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Title: Spring and summer contrast in new particle formation over nine forest areas in North America

Abstract

Recent laboratory chamber studies indicate a significant role for highly oxidized low-volatility organics in new particle formation (NPF), but the actual role of these highly oxidized low-volatility organics in atmospheric NPF remains uncertain. Here, particle size distributions (PSDs) measured in nine forest areas in North America are used to characterize the occurrence and intensity of NPF and to evaluate model simulations using an empirical formulation in which formation rate is a function of the concentrations of sulfuric acid and low-volatility organics from alpha-pinene oxidation (Nucl-Org), and using an ion-mediated nucleation mechanism (excluding organics) (Nucl-IMN). On average, NPF occurred on ~ 70 % of days during March for the four forest sites with springtime PSD measurements, while NPF occurred on only ~ 10 % of days in July for all nine forest sites. Both Nucl-Org and Nucl-IMN schemes capture the observed high frequency of NPF in spring, but the Nucl-Org scheme significantly overpredicts while the Nucl-IMN scheme slightly underpredicts NPF and particle number concentrations in summer. Statistical analyses of observed and simulated ultrafine particle number concentrations and frequency of NPF events indicate that the scheme without organics agrees better overall with observations. The two schemes predict quite different nucleation rates (includingmore » their spatial patterns), concentrations of cloud condensation nuclei, and aerosol first indirect radiative forcing in North America, highlighting the need to reduce NPF uncertainties in regional and global earth system models.« less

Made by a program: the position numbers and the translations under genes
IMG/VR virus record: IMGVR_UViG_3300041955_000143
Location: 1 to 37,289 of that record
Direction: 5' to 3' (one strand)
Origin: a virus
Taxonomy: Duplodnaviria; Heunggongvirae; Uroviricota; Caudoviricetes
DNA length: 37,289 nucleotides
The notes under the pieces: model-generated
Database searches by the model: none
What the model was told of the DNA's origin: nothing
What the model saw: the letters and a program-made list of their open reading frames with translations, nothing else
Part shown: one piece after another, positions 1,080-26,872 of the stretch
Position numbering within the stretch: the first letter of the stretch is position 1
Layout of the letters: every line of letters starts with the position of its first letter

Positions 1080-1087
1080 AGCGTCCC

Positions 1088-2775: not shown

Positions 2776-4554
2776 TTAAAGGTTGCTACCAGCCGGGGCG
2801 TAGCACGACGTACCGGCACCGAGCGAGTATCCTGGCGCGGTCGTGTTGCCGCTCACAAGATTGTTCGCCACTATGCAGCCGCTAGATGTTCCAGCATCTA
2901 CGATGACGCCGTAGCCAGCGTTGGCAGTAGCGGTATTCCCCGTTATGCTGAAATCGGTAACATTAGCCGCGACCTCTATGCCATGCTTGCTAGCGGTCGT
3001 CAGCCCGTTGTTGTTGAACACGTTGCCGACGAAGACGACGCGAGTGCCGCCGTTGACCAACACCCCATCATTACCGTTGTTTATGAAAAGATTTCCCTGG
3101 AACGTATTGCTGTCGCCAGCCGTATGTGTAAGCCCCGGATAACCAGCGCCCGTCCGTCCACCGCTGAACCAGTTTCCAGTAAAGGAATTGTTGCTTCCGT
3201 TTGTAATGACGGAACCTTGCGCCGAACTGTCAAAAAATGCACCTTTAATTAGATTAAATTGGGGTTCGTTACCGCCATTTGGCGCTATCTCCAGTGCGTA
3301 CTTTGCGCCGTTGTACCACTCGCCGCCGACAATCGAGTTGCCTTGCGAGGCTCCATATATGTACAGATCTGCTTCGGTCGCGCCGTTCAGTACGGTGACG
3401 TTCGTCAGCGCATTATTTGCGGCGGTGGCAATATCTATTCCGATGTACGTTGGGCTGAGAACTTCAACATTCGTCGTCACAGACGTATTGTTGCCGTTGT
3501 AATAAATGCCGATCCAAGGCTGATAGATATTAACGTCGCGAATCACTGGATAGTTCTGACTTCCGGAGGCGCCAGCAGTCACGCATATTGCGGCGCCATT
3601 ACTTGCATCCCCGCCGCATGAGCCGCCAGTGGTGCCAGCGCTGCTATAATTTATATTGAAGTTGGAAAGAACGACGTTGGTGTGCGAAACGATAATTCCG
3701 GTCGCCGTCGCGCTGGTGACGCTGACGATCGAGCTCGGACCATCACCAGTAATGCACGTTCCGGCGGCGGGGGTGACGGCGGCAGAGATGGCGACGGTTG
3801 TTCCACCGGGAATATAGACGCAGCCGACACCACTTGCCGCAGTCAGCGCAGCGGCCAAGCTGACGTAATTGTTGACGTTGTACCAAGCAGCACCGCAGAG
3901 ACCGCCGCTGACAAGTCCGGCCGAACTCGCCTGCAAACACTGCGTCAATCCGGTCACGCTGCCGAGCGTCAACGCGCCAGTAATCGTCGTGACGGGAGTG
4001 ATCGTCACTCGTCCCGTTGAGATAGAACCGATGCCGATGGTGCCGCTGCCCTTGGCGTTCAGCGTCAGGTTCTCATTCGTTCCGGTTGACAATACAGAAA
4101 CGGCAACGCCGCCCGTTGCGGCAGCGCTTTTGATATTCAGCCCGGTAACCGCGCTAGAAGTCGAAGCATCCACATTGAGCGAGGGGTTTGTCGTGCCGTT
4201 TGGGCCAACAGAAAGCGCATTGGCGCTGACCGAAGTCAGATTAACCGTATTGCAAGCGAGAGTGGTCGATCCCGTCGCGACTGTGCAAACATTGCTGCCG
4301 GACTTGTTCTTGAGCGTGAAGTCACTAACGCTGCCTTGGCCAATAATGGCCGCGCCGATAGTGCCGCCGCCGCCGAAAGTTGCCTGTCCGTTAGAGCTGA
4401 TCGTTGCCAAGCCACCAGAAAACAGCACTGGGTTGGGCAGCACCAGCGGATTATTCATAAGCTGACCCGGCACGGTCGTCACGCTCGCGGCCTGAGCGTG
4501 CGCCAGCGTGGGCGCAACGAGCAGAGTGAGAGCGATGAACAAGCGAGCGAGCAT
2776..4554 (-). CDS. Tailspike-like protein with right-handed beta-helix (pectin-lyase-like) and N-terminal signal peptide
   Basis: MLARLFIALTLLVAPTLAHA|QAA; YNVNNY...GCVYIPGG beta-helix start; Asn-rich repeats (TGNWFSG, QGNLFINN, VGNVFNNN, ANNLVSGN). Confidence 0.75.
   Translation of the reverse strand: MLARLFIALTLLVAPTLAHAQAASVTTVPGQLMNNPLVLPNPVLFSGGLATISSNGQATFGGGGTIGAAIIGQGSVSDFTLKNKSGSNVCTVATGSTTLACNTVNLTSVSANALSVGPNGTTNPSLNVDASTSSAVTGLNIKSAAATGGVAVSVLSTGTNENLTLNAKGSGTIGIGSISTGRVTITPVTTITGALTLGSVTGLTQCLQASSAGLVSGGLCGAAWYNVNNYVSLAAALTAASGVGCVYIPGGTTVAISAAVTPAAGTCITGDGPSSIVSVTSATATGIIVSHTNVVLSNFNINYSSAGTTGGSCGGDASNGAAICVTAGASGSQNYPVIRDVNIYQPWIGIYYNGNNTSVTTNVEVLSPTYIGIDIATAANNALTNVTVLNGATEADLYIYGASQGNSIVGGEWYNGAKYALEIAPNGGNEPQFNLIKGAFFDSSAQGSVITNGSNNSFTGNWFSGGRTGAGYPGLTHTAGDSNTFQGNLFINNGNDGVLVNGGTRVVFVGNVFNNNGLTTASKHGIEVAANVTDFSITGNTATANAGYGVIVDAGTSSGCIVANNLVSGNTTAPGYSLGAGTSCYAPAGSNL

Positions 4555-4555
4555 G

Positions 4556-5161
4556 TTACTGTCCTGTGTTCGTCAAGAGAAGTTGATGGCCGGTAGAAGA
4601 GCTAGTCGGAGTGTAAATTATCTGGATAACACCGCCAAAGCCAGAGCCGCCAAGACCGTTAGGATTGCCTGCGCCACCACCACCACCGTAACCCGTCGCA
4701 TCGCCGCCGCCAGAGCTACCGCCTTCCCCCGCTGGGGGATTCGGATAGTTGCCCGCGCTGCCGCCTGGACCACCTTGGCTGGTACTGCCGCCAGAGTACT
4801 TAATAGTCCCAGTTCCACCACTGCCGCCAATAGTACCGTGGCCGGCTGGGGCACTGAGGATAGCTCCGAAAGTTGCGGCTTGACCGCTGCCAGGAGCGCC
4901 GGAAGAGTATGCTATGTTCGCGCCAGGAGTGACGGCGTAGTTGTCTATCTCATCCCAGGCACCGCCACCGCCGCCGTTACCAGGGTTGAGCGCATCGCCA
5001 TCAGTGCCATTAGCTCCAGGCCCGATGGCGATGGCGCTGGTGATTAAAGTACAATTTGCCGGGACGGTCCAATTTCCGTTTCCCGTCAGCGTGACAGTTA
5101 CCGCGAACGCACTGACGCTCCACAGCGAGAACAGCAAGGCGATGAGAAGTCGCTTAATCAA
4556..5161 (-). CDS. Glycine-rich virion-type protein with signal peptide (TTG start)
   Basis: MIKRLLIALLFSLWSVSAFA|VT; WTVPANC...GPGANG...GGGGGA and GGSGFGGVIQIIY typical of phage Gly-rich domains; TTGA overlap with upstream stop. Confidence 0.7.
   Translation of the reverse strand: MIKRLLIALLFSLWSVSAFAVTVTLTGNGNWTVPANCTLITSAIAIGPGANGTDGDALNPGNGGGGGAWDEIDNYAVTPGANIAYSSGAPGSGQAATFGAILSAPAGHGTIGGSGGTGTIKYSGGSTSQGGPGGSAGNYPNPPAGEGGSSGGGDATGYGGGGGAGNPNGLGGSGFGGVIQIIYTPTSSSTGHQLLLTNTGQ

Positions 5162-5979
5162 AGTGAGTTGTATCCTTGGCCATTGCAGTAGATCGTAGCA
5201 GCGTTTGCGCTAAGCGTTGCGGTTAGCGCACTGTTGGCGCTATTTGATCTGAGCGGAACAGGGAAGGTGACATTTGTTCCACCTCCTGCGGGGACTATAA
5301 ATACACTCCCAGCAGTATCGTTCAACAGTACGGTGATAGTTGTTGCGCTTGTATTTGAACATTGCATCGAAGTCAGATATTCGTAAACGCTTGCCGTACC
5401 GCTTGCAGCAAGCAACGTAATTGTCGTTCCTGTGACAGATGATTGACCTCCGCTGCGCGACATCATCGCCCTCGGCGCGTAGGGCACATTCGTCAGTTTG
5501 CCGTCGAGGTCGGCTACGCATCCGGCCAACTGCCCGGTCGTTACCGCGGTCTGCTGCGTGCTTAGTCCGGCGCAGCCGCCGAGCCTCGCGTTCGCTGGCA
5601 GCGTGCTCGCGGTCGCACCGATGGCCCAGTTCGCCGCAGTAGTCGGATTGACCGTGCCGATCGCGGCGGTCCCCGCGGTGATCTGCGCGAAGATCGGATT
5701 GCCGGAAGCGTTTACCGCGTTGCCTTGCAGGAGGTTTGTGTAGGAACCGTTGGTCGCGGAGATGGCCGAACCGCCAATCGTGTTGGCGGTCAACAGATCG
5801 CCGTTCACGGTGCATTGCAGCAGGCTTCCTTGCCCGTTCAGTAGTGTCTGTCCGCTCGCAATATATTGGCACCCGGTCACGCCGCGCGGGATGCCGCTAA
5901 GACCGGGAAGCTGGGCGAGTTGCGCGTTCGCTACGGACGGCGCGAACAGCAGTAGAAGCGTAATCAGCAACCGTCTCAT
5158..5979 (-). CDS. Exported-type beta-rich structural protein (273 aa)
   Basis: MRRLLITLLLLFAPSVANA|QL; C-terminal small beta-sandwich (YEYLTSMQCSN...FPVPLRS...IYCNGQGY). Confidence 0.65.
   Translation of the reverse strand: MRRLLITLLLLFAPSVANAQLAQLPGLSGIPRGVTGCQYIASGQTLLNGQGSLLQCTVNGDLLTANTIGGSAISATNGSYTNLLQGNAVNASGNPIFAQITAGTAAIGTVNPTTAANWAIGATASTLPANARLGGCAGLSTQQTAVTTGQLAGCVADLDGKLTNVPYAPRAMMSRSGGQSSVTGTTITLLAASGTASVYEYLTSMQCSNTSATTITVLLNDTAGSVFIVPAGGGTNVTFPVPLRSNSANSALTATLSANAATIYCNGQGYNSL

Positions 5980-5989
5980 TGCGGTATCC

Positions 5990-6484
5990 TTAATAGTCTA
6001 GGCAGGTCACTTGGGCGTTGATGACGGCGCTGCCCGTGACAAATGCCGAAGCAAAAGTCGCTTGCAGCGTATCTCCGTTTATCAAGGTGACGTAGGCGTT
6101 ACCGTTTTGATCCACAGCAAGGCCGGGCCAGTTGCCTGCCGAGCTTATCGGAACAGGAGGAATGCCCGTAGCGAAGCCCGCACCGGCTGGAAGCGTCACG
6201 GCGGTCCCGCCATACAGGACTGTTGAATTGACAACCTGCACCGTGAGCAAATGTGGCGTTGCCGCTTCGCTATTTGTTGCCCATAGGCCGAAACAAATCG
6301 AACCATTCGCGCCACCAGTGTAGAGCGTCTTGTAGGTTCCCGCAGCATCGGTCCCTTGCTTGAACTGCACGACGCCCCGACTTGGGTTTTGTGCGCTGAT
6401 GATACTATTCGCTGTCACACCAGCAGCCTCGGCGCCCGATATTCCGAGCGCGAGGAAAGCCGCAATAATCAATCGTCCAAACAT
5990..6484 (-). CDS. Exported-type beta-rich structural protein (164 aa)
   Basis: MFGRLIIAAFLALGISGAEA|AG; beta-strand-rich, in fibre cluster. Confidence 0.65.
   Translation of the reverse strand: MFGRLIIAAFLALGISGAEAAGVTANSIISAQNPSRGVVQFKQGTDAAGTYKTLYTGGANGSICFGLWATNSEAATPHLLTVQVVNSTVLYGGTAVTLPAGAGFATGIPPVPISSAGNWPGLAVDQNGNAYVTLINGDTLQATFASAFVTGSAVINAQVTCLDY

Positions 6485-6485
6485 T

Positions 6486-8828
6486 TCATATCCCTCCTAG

Authors:
 [1];  [1]; ORCiD logo [2];  [3];  [4];  [5];  [1];  [6];  [7];  [3];  [8];  [9];  [1];  [1]
  1. State Univ. of New York (SUNY), Albany, NY (United States). Atmospheric Sciences Research Center
  2. Cornell Univ., Ithaca, NY (United States). Dept. of Earth and Athospheric Sciences
  3. North Carolina State Univ., Raleigh, NC (United States). Dept. of Marine, Earth, and Atmospheric Sciences
  4. Kent State Univ., Kent, OH (United States). College of Public Health
  5. National Center for Atmospheric Research, Boulder, CO (United States)
  6. Desert Research Inst. (DRI), Steamboat Springs, CO (United States). Storm Peak Lab.
  7. Environment Canada, Toronto, ON (Canada). Science and Technology Branch
  8. National Center for Atmospheric Research, Boulder, CO (United States); Univ. of Eastern Finland, Kuopio (Finland). Applied Physics Dept.
  9. North Carolina State Univ., Raleigh, NC (United States). Dept. of Marine, Earth, and Atmospheric Sciences; US Environmental Protection Agency (EPA), Durham, NC (United States)
Publication Date:
Research Org.:
National Center for Atmospheric Research, Boulder, CO (United States); State Univ. of New York (SUNY), Albany, NY (United States)
Sponsoring Org.:
USDOE Office of Science (SC), Biological and Environmental Research (BER) (SC-23); National Aeronautic and Space Administration (NASA); National Science Foundation (NSF)
OSTI Identifier:
1233973
Alternate Identifier(s):
OSTI ID: 1455172
Grant/Contract Number:  
SC0011664; NNX13AK20G; NNX11AQ72G; 1517365
Resource Type:
Published Article
Journal Name:
Atmospheric Chemistry and Physics (Online)
Additional Journal Information:
Journal Name: Atmospheric Chemistry and Physics (Online); Journal Volume: 15; Journal Issue: 24; Journal ID: ISSN 1680-7324
Publisher: